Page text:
Also aware of her abilities, her mother Queen Bakwa vowed to raise her to become a queen. Born in Zaria, (what is now the northwest region of Nigeria) she lived about 200 years before the British colonial rule in the 19th century. She became queen in approximately 1576, following the 10-year rule of her brother. Queen Amina was highly respected by the Zazzau military of pre-colonial Nigeria. Soon after becoming queen she led her first military battle. Her military campaigns would continue, largely uninterrupted throughout her 34-year reign. Queen Amina lead an army of 20,000 men in expanding Zazzau territory (Hausa Kingdom). Her military conquests amassed great riches.
Louis Charles Roudanez (1823-1870) founded one of the first black daily newspapers for Blacks in the U.S in New Orleans, Louisiana. (The first Black Newspaper published by a black person was Freedom’s Journal in 1827). Roudanez used the publication to advocate for the abolition of slavery, voting rights for all, desegregation, and land ownership rights for those formerly enslaved. Roudanez was also an accomplished physician respected by both blacks and whites in his community.
During the 1800s the city of New Orleans was very different from the rest of the country. New Orleans was home to a large number of free black Creoles (free people of color of French or Spanish descent and mixed heritage). Creoles enjoyed privileges that were not given to slaves or even most free blacks. Creoles comprised about ten percent of the black population in Louisiana. They were typically affluent, educated, and often business owners. Many used their affluence to advocate for abolition and civil rights. Continue reading “Dr. Louis C. Roudanez: Physician, Journalist & Activist”→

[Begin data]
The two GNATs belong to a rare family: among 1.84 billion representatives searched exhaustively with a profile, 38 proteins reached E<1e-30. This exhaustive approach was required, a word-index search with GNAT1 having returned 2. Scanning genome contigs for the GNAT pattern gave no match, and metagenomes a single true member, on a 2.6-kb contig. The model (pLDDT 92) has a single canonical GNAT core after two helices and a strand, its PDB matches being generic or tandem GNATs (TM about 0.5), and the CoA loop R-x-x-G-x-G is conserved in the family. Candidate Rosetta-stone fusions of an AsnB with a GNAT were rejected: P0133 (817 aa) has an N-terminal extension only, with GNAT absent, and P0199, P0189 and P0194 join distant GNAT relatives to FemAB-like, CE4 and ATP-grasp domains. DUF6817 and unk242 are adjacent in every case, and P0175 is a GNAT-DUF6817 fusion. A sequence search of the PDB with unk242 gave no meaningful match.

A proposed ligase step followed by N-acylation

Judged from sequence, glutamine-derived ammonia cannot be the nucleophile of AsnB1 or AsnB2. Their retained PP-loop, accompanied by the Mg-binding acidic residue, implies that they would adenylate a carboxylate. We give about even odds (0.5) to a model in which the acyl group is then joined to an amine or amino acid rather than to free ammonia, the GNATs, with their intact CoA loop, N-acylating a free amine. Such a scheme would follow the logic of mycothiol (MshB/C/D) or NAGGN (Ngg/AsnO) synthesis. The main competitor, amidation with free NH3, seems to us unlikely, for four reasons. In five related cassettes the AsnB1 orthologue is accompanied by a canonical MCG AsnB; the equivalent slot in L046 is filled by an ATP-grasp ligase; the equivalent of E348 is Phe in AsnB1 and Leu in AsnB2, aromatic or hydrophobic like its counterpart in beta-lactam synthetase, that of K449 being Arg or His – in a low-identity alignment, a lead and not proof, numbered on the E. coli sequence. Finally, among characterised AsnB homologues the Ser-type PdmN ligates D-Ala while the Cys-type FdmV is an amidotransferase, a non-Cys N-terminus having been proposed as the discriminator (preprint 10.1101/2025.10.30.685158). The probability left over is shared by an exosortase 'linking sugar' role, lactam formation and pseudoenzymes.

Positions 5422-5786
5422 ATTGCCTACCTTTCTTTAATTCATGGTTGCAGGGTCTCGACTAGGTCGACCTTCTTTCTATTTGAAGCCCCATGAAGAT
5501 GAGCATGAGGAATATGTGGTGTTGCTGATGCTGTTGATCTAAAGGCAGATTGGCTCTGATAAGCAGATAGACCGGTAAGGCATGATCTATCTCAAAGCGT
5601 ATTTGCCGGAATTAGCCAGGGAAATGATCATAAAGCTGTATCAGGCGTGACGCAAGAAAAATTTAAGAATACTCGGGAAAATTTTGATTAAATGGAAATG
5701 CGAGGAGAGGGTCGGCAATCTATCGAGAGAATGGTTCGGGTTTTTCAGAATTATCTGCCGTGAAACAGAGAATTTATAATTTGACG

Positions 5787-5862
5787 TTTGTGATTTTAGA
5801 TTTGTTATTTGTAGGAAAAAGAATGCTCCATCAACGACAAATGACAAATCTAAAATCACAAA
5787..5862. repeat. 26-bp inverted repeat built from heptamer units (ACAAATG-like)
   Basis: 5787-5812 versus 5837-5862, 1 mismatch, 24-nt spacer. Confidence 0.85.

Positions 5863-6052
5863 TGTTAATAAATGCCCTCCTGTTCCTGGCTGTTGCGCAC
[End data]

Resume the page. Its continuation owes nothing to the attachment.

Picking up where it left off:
R & B singer, James Ingram has died at the age of 66. A native of Akron, Ohio, Ingram was a double Grammy award winner and two time Oscar nominee.
In the 1970’s Ingram got his start performing with the Akron Ohio group, Revolution Funk before becoming a session artist working with artists such as Ray Charles and Marvin Gaye. Although a talented musician who played multiple instruments, his signature baritone voice ultimately became his claim to fame. Ingram’s soulful voice dominated the R&B scene during the 80’s and early 90’s. News outlet TMZ reports that Ingram was suffering from brain cancer. During his career, he achieved 8 top forty hits, including his 1982 duet with Patti Austin, “Baby Come To Me”, and “I Don’t Have A Heart” released in the 90’s which went No. 1 on the Billboard Hot 100. His songwriting abilities caught the attention of Quincy Jones.